Chevron Phillips Chemical VP Says Plastics Treaty Draft Ignores Circularity

Sept. 13, 2023
Benny Mermans, who also leads the World Plastics Council, commented on the proposal to eliminate plastic waste during the World Chemical Forum.

HOUSTON -- A Chevron Phillips Chemical Co. executive said Sept. 13 he was disappointed by the first draft of the UN's global plastics pollution treaty because it prioritizes plastics production caps over circularity.

“If you want to address plastic waste, you got to work toward a circular economy,” said Benny Mermans, who serves as vice president of sustainability for Chevron Phillips Chemical Co. and CEO for the World Plastics Council.

Mermans commented on the so-called “zero draft” of a United Nations treaty to end plastics waste published on Sept. 4 while speaking during a panel discussion at the World Chemical Forum in Houston.

The plastics industry shares the goal of governments around the world to end industry waste, but caps on production will harm developing nations, which are reliant on plastics for economic advancement, Mermans said.

“The developing world doesn’t have the same aspirations, the same needs in order to move forward to end plastics waste,” he told event attendees. “They are still at the bottom of the food chain in that extent. They still have open burning sites, dumping sites, so you have to really make an instrument that is adaptable and palatable for everybody.”

Other speakers during the panel discussion stressed the need for collaboration among government, industry and the supply chain to deliver on circularity goals. Many people underestimate the amount of effort involved in plastics recycling, from the municipal collection level to the processing of the materials, said Natalie Stirling-Sanders, head of Americas for the Alliance to End Plastic Waste.

“All of that is really critical to making this whole circularity work,” said Stirling-Sanders.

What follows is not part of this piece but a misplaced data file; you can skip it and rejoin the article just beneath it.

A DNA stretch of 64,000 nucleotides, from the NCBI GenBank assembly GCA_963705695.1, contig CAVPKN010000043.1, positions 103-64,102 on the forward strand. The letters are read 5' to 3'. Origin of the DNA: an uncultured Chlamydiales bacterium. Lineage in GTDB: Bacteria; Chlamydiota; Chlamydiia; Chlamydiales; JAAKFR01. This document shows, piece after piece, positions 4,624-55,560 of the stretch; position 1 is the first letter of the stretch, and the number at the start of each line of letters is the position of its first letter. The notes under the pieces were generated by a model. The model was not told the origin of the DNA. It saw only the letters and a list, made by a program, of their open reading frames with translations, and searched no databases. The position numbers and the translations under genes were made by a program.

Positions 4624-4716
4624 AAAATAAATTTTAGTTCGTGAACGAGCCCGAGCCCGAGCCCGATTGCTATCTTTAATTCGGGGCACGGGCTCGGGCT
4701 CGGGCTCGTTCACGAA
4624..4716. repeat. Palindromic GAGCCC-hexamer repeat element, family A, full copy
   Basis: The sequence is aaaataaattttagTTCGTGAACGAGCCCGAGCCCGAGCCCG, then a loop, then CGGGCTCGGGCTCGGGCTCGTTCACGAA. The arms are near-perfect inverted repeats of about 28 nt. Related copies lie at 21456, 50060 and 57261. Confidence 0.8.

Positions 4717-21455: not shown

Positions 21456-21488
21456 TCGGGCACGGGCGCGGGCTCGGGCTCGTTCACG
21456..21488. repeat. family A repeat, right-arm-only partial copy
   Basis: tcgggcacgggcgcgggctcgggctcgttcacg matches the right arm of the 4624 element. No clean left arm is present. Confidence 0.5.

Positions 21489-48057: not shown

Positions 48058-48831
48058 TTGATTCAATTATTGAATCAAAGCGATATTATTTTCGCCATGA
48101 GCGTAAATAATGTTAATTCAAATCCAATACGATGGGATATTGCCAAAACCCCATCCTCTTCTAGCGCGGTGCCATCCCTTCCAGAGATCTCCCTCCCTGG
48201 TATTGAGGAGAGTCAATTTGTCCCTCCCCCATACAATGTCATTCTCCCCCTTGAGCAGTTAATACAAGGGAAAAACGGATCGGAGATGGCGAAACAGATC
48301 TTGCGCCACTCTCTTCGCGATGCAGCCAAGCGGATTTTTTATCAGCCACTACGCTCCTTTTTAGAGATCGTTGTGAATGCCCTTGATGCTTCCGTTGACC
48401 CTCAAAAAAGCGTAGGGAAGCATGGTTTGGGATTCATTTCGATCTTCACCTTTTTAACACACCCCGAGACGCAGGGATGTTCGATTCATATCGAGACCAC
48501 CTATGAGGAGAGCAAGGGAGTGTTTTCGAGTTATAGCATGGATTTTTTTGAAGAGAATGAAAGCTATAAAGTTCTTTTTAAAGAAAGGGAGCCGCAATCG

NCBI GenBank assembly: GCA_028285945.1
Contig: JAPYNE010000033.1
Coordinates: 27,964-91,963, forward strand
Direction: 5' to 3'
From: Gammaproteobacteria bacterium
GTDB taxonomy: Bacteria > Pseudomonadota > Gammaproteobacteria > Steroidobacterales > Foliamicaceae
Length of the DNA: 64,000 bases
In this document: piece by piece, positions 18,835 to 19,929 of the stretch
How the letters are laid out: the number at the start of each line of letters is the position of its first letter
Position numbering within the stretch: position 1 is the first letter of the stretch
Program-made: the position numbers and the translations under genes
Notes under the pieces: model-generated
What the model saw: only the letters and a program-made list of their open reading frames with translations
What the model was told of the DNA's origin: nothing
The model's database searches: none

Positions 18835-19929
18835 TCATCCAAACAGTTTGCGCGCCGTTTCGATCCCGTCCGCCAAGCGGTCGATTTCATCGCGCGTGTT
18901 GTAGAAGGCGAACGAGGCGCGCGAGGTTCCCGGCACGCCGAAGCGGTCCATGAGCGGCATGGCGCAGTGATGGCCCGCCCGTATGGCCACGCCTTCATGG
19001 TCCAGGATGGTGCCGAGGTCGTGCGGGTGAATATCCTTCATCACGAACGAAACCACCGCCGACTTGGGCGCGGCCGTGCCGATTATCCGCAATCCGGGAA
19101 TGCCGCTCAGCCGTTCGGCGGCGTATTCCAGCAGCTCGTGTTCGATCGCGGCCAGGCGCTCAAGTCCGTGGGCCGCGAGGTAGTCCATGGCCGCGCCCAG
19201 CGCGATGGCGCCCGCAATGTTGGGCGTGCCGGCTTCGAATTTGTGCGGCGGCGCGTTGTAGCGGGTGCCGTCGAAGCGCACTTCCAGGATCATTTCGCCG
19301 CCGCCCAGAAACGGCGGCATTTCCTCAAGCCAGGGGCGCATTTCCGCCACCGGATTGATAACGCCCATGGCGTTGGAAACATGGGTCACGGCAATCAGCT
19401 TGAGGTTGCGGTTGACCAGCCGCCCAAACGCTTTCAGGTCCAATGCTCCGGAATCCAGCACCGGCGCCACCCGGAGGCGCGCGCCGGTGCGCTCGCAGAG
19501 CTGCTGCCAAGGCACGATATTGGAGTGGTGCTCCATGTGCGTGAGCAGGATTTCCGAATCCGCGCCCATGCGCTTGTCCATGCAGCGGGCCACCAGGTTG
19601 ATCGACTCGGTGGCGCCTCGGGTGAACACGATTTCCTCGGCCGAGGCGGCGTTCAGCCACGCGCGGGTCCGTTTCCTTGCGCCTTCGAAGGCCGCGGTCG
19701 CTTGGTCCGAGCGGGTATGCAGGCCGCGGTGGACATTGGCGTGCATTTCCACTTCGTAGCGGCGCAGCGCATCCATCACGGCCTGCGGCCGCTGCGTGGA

The Alliance to End Plastic Waste is a global organization that focuses on enhancing waste management capacity and capability by improving collection, sorting, processing and recycling systems.

The U.S. Department of Energy (DOE) has embarked on a number of public/private partnerships to advance plastics recycling, including the BOTTLE Consortium, which stands for Bio-Optimized Technologies to keep Thermoplastics out of Landfills and the Environment, said Jay Fitzgerald, chief scientist for the DOE’s Bioenergy Technologies Office.

The organizations participating in the consortium are researching and developing scalable technologies for plastics circularity and energy efficiency. The DOE has partnered with several large corporations on the initiative, including Amazon, Procter & Gamble and Kraft Heinz, Fitzgerald said.

“I think that’s a huge step forward in terms of working toward a common goal and working towards and industrially relevant goal,” Fitzgerald said.

The UN’s Environment Program plans to have a global, legally binding plastics treaty completed by the end of 2024.

About the Author

Jonathan Katz | Executive Editor

Jonathan Katz, executive editor, brings nearly two decades of experience as a B2B journalist to Chemical Processing magazine. He has expertise on a wide range of industrial topics. Jon previously served as the managing editor for IndustryWeek magazine and, most recently, as a freelance writer specializing in content marketing for the manufacturing sector.

His knowledge areas include industrial safety, environmental compliance/sustainability, lean manufacturing/continuous improvement, Industry 4.0/automation and many other topics of interest to the Chemical Processing audience.

When he’s not working, Jon enjoys fishing, hiking and music, including a small but growing vinyl collection.

Jon resides in the Cleveland, Ohio, area.

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